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Before I ask I want to say that I know about ImageMagick and the other image processing tools but I explicitly need to use ffmpeg.

So, can someone tell me if there's a way to use ffmpeg to convert an image ( in any of the common formats ) to a jpeg format. I also need to scale it. Until now I've come with this:

ffmpeg -i <input-file> -vf "scale=<output-width>:-1" <output-file>

Any suggestion will be appreciated : )

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  • This might be a better question for superuser (or just read this ffmpeg.org/…)
    – vipw
    Jun 12, 2013 at 13:34
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    Your command looks fine to me. Have you tried it? You can increase output quality for jpeg output with -qscale:v. Try a value between 2-5. A lower value is a higher quality.
    – llogan
    Jun 12, 2013 at 16:49
  • The command works as expected, but it produces a green overlay which I do not know how can be removed. Any ideas?
    – user931392
    Jun 21, 2013 at 10:54
  • Please include the complete ffmpeg console output (and this should be a standard practice when asking ffmpeg usage questions).
    – llogan
    Jun 21, 2013 at 16:19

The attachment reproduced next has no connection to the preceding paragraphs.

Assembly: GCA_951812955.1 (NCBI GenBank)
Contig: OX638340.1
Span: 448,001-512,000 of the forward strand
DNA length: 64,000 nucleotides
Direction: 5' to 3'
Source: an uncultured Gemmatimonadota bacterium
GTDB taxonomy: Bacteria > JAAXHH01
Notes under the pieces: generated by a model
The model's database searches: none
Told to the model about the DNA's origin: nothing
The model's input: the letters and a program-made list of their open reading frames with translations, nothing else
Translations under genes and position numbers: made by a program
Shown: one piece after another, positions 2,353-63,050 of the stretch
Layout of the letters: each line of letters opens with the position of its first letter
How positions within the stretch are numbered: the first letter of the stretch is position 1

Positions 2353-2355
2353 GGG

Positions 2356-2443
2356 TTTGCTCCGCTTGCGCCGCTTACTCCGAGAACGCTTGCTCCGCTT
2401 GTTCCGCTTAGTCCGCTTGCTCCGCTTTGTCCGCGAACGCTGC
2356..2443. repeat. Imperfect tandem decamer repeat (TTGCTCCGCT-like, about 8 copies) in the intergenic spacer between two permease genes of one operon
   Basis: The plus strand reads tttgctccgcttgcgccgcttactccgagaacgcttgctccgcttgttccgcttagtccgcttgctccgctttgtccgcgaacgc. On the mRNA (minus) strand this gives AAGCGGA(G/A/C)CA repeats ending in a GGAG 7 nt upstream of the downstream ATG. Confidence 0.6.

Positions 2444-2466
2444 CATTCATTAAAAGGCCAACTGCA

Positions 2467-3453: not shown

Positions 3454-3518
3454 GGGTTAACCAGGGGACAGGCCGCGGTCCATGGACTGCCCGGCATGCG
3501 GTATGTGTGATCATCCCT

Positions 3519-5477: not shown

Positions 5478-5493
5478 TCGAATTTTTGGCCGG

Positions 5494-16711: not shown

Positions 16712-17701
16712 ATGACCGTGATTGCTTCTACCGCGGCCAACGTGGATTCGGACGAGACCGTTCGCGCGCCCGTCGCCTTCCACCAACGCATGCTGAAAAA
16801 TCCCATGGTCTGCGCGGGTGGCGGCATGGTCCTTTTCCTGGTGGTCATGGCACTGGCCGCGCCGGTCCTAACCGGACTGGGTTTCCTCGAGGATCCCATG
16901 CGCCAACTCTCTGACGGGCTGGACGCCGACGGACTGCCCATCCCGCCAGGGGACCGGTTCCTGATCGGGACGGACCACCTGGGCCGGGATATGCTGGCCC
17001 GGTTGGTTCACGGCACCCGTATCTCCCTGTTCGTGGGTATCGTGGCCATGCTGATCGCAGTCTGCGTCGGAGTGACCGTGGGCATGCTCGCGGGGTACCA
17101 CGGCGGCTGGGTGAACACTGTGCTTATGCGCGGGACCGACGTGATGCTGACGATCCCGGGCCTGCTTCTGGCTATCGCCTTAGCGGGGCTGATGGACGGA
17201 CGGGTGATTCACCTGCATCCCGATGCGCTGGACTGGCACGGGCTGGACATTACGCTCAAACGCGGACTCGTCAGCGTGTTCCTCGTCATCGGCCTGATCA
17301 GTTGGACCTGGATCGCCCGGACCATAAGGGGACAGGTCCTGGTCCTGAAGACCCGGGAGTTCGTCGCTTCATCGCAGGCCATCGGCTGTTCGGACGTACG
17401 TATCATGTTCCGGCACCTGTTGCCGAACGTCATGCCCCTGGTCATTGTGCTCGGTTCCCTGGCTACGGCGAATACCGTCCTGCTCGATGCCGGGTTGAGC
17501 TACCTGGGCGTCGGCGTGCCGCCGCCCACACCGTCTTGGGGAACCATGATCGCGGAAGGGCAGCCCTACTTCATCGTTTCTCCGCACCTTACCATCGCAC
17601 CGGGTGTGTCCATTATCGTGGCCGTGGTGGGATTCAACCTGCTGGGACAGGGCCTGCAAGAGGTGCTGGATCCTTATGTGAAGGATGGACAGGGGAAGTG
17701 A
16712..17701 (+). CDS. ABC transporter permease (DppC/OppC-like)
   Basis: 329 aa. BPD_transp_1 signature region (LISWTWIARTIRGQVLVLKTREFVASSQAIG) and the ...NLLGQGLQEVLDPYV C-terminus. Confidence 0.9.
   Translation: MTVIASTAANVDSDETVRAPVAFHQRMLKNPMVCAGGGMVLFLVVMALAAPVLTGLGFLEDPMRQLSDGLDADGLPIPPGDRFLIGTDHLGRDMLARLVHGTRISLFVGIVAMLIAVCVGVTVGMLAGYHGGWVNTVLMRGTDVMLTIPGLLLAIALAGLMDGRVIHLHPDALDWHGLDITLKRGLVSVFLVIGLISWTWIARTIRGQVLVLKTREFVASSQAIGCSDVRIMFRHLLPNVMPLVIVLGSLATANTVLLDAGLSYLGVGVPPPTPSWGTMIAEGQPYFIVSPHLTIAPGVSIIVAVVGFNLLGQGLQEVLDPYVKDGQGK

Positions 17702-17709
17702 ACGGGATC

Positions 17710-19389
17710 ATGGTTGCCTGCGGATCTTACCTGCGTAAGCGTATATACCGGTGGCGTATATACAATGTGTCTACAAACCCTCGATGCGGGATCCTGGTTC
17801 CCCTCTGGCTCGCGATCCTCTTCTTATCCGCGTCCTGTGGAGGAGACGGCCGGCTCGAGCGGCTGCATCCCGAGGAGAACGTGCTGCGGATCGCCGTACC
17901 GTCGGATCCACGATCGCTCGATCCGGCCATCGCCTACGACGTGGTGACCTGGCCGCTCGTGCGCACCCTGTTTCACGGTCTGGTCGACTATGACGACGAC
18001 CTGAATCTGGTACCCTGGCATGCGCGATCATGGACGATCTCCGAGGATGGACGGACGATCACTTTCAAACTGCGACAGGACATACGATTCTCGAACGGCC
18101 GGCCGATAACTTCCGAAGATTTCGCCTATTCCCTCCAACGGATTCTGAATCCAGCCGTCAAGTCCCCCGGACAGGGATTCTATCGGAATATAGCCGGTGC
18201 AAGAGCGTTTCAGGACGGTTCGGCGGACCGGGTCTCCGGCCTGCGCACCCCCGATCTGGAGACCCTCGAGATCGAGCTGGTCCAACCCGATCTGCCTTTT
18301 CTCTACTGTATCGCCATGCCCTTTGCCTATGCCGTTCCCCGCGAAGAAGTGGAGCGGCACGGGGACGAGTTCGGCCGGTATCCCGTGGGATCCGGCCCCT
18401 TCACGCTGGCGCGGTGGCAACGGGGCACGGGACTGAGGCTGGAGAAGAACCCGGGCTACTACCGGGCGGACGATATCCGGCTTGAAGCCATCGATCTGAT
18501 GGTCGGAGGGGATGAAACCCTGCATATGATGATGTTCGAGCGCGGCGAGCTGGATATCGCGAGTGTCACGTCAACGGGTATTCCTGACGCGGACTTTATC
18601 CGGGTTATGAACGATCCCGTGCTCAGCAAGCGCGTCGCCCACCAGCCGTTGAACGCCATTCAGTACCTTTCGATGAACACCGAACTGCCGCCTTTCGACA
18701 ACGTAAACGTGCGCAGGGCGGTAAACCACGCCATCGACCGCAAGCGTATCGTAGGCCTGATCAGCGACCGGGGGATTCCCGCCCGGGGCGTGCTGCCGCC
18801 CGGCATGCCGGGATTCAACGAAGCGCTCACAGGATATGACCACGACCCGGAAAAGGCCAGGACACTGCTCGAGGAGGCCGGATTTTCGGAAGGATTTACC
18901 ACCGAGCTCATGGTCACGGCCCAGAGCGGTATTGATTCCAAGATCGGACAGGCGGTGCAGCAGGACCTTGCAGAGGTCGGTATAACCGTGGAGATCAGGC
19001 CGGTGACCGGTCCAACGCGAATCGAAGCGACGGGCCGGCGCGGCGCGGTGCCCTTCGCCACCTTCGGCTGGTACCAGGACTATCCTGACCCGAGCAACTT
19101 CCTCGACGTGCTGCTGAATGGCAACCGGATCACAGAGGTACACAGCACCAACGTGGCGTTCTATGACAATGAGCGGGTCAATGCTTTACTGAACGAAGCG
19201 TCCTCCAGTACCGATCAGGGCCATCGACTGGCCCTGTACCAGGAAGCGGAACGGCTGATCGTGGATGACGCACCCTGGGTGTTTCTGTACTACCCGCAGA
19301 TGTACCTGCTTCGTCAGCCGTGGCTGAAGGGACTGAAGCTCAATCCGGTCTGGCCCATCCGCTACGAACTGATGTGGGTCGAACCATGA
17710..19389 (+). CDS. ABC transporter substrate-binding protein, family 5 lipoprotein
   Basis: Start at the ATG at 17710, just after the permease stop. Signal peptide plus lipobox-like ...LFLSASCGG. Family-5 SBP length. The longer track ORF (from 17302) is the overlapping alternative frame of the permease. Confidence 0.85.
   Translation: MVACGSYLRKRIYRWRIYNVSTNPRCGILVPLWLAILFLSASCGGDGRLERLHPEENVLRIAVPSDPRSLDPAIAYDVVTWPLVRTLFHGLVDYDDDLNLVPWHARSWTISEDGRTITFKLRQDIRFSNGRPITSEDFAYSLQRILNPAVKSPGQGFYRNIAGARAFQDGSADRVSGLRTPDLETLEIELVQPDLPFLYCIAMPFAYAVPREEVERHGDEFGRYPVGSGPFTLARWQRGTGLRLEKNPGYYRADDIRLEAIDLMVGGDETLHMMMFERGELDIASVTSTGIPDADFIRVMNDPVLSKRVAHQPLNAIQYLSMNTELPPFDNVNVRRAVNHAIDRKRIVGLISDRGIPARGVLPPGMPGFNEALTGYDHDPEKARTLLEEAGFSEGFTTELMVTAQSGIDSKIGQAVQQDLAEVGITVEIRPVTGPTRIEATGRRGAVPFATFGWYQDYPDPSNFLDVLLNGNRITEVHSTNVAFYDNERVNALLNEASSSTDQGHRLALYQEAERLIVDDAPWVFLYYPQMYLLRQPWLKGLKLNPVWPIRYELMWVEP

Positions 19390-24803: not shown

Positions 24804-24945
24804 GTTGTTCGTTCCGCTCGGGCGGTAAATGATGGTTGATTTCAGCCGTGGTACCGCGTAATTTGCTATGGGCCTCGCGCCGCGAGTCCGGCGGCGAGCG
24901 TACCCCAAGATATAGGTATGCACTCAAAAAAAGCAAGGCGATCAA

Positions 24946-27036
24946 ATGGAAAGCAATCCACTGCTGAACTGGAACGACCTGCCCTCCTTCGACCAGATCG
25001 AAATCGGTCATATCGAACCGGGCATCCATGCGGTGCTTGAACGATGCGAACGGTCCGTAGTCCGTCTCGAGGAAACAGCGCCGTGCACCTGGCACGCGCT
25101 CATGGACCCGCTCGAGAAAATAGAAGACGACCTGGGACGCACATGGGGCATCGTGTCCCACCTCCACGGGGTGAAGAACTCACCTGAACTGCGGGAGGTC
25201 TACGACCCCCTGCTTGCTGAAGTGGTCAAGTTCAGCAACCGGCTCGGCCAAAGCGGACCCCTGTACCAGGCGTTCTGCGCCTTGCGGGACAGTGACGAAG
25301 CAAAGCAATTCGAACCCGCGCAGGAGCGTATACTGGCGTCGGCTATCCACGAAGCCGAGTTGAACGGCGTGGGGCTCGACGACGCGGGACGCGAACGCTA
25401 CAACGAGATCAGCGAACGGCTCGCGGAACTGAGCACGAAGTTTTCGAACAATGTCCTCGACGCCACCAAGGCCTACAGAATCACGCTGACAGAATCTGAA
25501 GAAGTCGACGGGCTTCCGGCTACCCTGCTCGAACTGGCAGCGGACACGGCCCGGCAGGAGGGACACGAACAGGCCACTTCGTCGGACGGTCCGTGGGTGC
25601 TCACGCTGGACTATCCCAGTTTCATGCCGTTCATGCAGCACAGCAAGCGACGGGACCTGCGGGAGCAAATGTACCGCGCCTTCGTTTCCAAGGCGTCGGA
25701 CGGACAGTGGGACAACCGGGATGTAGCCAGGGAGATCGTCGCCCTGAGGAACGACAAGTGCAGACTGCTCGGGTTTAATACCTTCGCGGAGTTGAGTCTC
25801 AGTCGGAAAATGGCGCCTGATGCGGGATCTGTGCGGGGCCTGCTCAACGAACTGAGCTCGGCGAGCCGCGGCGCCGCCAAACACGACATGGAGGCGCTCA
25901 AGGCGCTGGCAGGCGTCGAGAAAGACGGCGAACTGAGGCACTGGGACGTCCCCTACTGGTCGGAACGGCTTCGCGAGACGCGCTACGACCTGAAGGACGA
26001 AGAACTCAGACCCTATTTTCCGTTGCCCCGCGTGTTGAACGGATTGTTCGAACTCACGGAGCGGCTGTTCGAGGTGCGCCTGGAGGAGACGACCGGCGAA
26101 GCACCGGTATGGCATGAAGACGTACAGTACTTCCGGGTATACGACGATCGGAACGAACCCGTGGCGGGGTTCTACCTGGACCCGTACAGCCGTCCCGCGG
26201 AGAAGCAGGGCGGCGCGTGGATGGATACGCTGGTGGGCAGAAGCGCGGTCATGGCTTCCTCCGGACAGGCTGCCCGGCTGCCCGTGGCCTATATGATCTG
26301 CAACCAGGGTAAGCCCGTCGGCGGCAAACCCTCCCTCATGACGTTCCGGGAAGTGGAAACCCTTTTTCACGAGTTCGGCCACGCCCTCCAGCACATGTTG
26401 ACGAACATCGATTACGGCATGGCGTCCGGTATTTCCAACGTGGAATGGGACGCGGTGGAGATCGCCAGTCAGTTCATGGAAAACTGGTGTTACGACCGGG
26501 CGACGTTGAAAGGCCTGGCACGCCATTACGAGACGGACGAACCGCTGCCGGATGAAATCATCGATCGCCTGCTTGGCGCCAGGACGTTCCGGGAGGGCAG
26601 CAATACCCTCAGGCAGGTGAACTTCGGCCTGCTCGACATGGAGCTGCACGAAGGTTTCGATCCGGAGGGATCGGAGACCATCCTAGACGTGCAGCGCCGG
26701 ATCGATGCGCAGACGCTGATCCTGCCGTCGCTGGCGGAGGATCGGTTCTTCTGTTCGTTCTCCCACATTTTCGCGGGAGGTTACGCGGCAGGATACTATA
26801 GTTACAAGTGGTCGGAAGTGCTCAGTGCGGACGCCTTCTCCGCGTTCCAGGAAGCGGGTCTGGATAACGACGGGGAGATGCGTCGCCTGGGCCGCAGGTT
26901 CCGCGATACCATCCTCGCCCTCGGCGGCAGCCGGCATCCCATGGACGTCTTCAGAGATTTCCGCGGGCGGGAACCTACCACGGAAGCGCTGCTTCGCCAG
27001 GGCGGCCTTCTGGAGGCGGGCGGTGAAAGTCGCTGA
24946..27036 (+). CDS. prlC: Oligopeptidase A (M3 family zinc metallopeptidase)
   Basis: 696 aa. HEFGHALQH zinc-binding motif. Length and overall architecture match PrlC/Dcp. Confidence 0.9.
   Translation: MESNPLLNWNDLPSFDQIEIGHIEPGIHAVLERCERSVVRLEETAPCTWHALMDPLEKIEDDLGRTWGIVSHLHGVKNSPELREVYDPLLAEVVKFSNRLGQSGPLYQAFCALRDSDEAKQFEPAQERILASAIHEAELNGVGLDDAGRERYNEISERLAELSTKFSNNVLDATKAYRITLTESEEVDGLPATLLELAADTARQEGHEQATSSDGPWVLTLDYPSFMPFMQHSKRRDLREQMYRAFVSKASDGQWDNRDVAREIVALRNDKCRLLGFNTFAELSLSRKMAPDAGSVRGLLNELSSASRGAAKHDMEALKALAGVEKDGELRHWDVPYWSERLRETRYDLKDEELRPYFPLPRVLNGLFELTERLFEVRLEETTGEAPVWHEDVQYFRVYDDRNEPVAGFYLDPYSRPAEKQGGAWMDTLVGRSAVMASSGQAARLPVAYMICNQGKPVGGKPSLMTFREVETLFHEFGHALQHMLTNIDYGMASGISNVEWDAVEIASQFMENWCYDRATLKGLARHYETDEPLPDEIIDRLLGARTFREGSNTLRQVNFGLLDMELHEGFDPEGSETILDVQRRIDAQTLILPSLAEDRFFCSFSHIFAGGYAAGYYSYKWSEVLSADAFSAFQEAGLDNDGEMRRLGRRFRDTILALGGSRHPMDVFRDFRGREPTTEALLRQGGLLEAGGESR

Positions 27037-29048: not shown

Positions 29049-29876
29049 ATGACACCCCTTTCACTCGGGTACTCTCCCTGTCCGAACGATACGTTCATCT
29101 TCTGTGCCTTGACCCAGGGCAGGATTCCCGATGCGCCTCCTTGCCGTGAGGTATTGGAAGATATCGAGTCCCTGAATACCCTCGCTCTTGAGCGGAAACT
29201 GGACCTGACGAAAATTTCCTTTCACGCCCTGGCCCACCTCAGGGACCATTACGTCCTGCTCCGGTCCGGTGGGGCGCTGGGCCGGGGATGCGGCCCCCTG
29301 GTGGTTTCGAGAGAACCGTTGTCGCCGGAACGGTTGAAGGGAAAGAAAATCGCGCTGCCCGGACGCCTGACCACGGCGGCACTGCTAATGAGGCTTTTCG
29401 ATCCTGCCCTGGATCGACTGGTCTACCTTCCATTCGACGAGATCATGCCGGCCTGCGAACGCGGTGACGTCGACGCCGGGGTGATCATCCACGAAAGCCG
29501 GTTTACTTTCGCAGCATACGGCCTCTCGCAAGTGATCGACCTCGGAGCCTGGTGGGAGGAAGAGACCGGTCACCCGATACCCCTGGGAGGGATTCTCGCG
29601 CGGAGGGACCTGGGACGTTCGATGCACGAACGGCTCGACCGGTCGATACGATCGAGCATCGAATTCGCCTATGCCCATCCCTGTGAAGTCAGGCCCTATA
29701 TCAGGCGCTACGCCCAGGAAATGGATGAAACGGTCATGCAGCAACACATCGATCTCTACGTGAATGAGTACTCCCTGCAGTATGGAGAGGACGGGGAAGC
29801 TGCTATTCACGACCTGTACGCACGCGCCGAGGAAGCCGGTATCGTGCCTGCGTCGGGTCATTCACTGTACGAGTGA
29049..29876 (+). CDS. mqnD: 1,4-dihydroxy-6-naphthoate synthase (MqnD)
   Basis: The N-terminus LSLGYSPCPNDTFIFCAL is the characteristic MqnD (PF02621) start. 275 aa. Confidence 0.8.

• @user931392 IMHO the green overlay may be caused by conversion between different pixel formats or color spaces. Are you sure the problem isn't unique to FFmpeg and occurs with alternatives like ImageMagick?
    – minmaxavg
    Oct 13, 2017 at 21:59

2 Answers 2

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I just asked myself the same question and thought I'd put an answer here even if I'm ten years late.

ffmpeg -i <input-file> <output-file>

This just worked fine for me, which video filter works for you depends on your FFmpeg version, which should always be provided when asking questions about FFmpeg.

Here is a more complex example with filters: https://stackoverflow.com/a/41355827/2010467

Before I ask I want to say that I know about ImageMagick and the other image processing tools but I explicitly need to use ffmpeg.

I have the same or a very similar need and it is reasonable in some environments where you don't have access to the package manager or the package itself while you are already using a statically linked version of FFmpeg.

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For reference, to convert all files in the current folder:

for f in *.webp; do ffmpeg -i "$f" "${f%.*}.png"; done

(from webp to png in this example)

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